Archive for the ‘Great Depression’ Tag

Portraits: Migrant Mother, 1936   1 comment

LOC-PP

Nipomo, Calif. Mar. 1936. Migrant agricultural worker’s family. Seven hungry children. Mother aged 32, the father is a native Californian. Destitute in a pea pickers camp, because of the failure of the early pea crop. These people had just sold their tent in order to buy food. Most of the 2,500 people in this camp were destitute. Library of Congress.

From the Library of Congress:

The photograph that has become known as “Migrant Mother” is one of a series of photographs that Dorothea Lange made of Florence Owens Thompson and her children in February or March of 1936 in Nipomo, California. Lange was concluding a month’s trip photographing migratory farm labor around the state for what was then the Resettlement Administration. In 1960, Lange gave this account of the experience:

I saw and approached the hungry and desperate mother, as if drawn by a magnet. I do not remember how I explained my presence or my camera to her, but I do remember she asked me no questions. I made five exposures, working closer and closer from the same direction. I did not ask her name or her history. She told me her age, that she was thirty-two. She said that they had been living on frozen vegetables from the surrounding fields, and birds that the children killed. She had just sold the tires from her car to buy food. There she sat in that lean- to tent with her children huddled around her, and seemed to know that my pictures might help her, and so she helped me. There was a sort of equality about it. (From: Popular Photography, Feb. 1960).

Posted December 19, 2013 by henrymowry in Photography

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Portraits: Herbert Hoover   4 comments

Herbert C. Hoover (1874 – 1964)

The 31st President of the United States, 1929 – 1933

AKA: The Great Engineer, The Great Humanitarian, The Chief

From: Iowa, Oregon

College: Stanford University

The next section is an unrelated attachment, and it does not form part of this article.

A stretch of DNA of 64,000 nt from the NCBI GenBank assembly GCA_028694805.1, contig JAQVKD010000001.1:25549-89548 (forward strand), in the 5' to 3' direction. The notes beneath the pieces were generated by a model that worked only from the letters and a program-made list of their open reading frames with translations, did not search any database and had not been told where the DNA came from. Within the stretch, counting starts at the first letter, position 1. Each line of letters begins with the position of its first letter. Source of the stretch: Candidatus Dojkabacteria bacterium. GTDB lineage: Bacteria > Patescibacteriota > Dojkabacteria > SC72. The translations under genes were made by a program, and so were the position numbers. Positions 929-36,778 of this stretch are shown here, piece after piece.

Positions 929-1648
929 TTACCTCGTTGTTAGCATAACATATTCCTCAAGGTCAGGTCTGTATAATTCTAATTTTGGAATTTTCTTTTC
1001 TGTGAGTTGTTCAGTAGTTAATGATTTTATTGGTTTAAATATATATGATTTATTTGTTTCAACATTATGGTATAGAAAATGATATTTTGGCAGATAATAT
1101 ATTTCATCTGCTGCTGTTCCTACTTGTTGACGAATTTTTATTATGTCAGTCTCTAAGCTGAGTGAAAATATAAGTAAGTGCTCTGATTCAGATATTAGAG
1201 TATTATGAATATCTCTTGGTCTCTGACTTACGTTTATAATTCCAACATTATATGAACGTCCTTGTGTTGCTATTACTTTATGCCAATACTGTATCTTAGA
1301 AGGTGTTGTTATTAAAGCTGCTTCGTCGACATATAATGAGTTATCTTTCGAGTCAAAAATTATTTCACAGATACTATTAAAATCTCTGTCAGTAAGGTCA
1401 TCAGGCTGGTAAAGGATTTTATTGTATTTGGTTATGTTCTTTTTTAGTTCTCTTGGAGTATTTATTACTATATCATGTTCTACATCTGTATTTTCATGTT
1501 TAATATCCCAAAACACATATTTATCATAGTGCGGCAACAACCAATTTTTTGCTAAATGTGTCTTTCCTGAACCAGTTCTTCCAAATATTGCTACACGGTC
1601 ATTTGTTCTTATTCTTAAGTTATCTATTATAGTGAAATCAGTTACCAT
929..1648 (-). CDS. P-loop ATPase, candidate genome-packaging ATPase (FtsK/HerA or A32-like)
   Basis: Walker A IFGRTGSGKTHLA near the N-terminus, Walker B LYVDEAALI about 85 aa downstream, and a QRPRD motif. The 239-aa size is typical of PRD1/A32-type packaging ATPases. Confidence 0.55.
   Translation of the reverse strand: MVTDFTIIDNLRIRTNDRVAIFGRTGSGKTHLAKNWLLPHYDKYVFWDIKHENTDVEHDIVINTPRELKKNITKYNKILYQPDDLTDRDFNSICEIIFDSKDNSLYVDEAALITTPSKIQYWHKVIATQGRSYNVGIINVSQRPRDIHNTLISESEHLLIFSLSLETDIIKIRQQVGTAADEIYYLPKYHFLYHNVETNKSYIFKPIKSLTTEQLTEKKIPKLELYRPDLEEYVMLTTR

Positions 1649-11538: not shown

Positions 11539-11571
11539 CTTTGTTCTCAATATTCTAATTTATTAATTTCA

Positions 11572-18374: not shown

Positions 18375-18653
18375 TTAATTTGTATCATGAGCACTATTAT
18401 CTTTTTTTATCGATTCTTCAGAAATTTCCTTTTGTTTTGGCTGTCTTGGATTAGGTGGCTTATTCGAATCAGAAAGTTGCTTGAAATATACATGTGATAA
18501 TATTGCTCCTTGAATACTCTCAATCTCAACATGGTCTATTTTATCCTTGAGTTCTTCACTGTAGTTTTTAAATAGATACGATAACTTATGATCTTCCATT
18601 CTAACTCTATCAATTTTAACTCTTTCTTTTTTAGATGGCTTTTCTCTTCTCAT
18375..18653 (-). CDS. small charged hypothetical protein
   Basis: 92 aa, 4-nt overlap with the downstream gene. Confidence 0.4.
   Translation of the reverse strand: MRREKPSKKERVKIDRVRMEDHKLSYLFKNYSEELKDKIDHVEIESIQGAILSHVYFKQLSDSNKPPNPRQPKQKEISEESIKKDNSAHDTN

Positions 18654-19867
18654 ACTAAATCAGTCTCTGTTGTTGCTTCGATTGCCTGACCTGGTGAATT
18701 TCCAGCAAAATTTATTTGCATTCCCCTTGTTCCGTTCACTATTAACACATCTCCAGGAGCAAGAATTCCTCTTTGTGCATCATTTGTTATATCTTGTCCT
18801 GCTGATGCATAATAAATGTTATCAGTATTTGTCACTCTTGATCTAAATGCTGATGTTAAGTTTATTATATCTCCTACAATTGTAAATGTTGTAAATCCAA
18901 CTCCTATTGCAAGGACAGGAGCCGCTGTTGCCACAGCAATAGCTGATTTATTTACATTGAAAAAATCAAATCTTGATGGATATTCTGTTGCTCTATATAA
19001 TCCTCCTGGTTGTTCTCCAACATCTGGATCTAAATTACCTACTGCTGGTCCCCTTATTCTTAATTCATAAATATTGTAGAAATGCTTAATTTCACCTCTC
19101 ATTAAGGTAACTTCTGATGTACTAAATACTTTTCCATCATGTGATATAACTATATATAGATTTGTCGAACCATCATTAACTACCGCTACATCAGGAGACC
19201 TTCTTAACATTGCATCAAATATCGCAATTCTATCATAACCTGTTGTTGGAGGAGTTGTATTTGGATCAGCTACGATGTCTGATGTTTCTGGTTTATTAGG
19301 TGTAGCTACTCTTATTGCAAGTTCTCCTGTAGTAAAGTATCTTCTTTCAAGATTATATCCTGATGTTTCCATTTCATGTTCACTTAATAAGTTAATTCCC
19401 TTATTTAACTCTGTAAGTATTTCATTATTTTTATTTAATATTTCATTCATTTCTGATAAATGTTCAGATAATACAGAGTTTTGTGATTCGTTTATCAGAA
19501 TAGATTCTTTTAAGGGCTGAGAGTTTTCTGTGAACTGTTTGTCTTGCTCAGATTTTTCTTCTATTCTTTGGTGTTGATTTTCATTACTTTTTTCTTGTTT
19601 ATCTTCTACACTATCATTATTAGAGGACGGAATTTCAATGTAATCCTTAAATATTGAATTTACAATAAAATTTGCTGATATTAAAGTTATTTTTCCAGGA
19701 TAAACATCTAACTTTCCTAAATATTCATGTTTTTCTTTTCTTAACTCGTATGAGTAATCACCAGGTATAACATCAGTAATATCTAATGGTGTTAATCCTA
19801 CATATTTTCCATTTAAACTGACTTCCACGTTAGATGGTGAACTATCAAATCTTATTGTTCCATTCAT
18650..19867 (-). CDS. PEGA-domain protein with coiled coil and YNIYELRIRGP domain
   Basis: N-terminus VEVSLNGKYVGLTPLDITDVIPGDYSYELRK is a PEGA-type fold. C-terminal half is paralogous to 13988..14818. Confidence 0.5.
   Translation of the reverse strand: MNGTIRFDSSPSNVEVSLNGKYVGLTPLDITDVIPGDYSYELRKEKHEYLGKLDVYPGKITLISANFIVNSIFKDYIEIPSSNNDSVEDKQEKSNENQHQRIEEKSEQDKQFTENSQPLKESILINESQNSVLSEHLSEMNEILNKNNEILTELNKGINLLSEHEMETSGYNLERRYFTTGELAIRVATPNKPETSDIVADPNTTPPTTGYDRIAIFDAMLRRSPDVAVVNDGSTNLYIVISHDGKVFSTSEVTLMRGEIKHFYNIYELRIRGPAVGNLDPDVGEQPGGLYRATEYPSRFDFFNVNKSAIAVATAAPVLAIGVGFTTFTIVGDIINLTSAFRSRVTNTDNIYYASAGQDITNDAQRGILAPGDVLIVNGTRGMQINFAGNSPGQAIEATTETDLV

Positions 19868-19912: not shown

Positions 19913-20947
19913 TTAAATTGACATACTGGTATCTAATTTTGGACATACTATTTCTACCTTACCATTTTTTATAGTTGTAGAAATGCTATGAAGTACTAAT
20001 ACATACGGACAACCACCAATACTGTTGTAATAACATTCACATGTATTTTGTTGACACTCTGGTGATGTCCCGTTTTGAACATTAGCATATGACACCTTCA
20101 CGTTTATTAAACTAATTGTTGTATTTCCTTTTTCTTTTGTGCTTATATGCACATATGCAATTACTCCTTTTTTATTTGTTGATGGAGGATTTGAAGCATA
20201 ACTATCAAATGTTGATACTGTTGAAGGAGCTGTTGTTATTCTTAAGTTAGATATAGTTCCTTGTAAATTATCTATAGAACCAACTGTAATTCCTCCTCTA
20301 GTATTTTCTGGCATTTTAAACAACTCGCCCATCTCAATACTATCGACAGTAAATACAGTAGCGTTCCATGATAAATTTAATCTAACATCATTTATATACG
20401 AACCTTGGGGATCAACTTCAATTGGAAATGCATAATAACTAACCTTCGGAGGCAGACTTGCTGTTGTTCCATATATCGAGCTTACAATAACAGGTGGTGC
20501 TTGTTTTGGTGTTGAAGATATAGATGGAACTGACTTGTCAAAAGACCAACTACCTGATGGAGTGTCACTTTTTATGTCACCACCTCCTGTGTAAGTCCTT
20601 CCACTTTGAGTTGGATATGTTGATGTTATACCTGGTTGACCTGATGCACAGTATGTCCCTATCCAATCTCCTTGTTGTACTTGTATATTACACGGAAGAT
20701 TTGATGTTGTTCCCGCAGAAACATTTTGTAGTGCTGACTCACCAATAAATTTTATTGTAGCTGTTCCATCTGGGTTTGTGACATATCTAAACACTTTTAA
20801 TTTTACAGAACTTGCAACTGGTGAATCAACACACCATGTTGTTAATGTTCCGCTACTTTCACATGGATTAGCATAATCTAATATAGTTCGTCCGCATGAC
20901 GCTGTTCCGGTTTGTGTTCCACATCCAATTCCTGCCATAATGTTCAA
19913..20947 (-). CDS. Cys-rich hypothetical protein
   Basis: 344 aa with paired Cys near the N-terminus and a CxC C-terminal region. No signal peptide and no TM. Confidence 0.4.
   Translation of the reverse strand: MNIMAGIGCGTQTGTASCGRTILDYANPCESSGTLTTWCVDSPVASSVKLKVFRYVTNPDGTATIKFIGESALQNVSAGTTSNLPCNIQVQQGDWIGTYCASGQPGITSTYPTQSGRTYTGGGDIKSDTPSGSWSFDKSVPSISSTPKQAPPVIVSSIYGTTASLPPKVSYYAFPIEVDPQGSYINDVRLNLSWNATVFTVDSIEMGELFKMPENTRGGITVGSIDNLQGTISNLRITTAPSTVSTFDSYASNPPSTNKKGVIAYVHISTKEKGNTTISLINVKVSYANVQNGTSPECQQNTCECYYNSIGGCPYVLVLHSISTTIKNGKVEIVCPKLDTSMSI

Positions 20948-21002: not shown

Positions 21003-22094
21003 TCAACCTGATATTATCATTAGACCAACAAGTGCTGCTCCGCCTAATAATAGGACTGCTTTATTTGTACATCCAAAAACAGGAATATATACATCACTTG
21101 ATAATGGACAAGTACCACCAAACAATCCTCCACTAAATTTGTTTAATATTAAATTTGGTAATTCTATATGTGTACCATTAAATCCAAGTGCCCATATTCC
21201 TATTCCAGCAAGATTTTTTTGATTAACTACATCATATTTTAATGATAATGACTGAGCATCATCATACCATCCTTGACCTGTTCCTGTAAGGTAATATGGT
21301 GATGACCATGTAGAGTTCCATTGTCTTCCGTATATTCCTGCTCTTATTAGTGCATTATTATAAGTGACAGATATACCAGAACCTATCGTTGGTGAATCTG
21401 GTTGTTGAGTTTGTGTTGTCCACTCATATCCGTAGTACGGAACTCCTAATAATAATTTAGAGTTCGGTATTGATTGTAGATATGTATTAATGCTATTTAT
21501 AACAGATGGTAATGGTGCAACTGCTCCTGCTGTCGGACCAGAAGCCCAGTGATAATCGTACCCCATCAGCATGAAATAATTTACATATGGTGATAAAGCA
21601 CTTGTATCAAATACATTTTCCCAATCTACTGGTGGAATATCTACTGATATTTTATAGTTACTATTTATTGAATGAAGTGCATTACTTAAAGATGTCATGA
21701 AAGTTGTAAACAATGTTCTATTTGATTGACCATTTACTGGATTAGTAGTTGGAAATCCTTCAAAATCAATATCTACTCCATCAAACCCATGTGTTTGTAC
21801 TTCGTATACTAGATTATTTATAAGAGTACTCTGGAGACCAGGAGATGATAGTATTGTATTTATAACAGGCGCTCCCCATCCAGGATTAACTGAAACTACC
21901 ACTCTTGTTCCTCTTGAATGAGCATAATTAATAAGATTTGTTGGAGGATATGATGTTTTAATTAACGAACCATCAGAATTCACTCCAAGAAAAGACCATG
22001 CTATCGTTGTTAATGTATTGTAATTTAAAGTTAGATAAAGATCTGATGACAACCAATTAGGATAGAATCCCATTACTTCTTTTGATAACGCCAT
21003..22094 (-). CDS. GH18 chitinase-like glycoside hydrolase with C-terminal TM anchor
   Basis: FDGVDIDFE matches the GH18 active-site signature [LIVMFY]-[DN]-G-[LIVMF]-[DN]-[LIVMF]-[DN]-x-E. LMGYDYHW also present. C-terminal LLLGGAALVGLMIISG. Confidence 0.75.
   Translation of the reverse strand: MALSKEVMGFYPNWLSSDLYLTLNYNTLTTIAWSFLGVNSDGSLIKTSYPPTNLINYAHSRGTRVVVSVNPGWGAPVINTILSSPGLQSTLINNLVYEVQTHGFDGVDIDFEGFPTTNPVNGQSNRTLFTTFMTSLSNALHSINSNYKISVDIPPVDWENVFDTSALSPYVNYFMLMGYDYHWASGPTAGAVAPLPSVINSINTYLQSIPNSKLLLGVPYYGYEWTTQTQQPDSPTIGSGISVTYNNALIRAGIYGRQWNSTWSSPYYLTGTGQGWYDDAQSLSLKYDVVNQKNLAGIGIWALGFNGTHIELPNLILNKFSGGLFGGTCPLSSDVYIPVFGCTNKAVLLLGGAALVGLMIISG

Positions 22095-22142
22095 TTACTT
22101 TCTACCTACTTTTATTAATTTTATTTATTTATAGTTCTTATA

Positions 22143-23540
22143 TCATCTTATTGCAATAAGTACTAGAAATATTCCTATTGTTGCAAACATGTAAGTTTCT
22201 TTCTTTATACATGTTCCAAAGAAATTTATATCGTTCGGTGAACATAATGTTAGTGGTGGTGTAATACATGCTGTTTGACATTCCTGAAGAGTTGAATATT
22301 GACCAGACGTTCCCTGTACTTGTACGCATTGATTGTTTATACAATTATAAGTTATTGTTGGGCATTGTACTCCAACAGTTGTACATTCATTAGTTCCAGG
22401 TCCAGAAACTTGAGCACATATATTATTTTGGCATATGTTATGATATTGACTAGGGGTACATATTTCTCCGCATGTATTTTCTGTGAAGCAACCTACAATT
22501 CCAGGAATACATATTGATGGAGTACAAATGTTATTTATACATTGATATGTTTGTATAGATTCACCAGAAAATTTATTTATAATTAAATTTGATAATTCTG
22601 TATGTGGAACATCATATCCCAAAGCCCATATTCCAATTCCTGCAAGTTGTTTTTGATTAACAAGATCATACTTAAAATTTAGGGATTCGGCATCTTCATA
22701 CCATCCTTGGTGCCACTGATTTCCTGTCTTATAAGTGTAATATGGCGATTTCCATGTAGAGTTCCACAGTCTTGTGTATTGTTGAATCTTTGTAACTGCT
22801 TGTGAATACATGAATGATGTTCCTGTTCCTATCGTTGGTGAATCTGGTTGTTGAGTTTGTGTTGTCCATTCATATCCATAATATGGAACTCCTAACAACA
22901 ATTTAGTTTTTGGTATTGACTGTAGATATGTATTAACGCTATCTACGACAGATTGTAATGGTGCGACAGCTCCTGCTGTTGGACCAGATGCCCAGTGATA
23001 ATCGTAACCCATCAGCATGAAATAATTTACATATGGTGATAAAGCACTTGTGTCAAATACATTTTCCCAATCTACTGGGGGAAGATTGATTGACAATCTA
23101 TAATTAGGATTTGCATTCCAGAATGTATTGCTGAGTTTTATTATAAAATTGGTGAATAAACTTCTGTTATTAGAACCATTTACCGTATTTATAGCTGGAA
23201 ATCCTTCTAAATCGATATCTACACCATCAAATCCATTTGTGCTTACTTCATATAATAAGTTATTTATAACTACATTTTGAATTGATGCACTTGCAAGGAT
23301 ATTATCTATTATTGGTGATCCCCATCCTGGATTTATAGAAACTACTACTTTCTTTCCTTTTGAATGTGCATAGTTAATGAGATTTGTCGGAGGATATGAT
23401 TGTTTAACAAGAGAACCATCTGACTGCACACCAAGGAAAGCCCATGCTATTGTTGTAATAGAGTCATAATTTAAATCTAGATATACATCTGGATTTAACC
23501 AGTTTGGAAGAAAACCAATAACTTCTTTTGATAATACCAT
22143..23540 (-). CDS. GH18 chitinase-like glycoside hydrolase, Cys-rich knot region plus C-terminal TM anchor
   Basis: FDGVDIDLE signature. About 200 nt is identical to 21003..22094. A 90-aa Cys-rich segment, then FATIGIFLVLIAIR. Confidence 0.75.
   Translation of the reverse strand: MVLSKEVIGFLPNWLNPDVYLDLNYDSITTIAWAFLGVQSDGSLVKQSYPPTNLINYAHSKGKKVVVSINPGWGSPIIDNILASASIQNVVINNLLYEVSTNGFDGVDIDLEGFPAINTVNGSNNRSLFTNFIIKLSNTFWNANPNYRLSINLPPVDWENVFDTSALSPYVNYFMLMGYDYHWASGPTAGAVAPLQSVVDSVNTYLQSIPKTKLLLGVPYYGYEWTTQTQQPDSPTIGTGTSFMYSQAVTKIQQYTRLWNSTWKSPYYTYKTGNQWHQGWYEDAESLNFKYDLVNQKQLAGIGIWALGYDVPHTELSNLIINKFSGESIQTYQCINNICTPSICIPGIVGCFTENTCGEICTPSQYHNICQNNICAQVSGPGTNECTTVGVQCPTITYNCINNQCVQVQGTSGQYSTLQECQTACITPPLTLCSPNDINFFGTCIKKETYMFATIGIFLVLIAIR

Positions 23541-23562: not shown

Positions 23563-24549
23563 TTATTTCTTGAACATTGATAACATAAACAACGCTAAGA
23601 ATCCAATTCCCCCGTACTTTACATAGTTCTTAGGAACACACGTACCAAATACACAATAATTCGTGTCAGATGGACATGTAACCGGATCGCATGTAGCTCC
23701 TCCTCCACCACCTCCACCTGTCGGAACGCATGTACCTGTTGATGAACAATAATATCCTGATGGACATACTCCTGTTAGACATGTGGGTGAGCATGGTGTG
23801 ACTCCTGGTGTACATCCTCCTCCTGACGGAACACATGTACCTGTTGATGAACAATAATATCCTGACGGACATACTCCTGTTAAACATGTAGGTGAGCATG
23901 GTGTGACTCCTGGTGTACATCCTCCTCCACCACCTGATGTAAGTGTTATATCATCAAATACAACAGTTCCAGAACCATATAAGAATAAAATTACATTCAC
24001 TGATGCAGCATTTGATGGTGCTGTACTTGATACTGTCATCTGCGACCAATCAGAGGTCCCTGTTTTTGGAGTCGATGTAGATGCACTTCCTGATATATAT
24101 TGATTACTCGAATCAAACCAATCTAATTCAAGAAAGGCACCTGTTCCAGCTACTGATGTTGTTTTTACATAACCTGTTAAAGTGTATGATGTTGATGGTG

Married to: Lou Henry Hoover

Children: Herbert, Jr., Allan

Party: Republican

Previous Jobs: Secretary of Commerce

In His Words: “You convey too great a compliment when you say that I have earned the right to the presidential nomination. No man can establish such an obligation upon any part of the American people. My country owes me no debt. It gave me, as it gives every boy and girl, a chance. It gave me schooling, independence of action, opportunity for service and honor. In no other land could a boy from a country village, without inheritance or influential friends, look forward with unbounded hope. My whole life has taught me what America means. I am indebted to my country beyond any human power to repay.”

“Older men declare war. But it is youth that must fight and die.”

“Let me remind you that credit is the lifeblood of business, the lifeblood of prices and jobs.”

“A good many things go around in the dark besides Santa Claus.”

“Being a politician is a poor profession. Being a public servant is a noble one.”

“Honor is not the exclusive property of any political party.”

“About the time we can make the ends meet, somebody moves the ends.”

“I’m the only person of distinction who’s ever had a depression named for him.”

“More than ten million women march to work every morning side by side with the men. Steadily the importance of women is gaining not only in the routine tasks of industry but in executive responsibility. I include also the woman who stays at home as the guardian of the welfare of the family. She is a partner in the job and wages. Women constitute a part of our industrial achievement.”

Not true: Hoover did not cause the Great Depression. He was in the wrong place at the wrong time, for sure.  Some would say that he did more to end the Depression than his successors … some would say that it was only the economic expansion of WWII that ended the Depression.  Hoover’s policies didn’t cause it, though, he was just caught in a bad economy.

True: Herbert Hoover was orphaned at the age of nine.

Hoover entered Stanford in 1891, in its inaugural year, after failing the entrance exams.

Hoover’s 1928 election slogan was “A chicken in every pot and a car in every garage.”

When the Great Depression hit, many of the homeless lived in towns of shacks called “Hoovervilles.”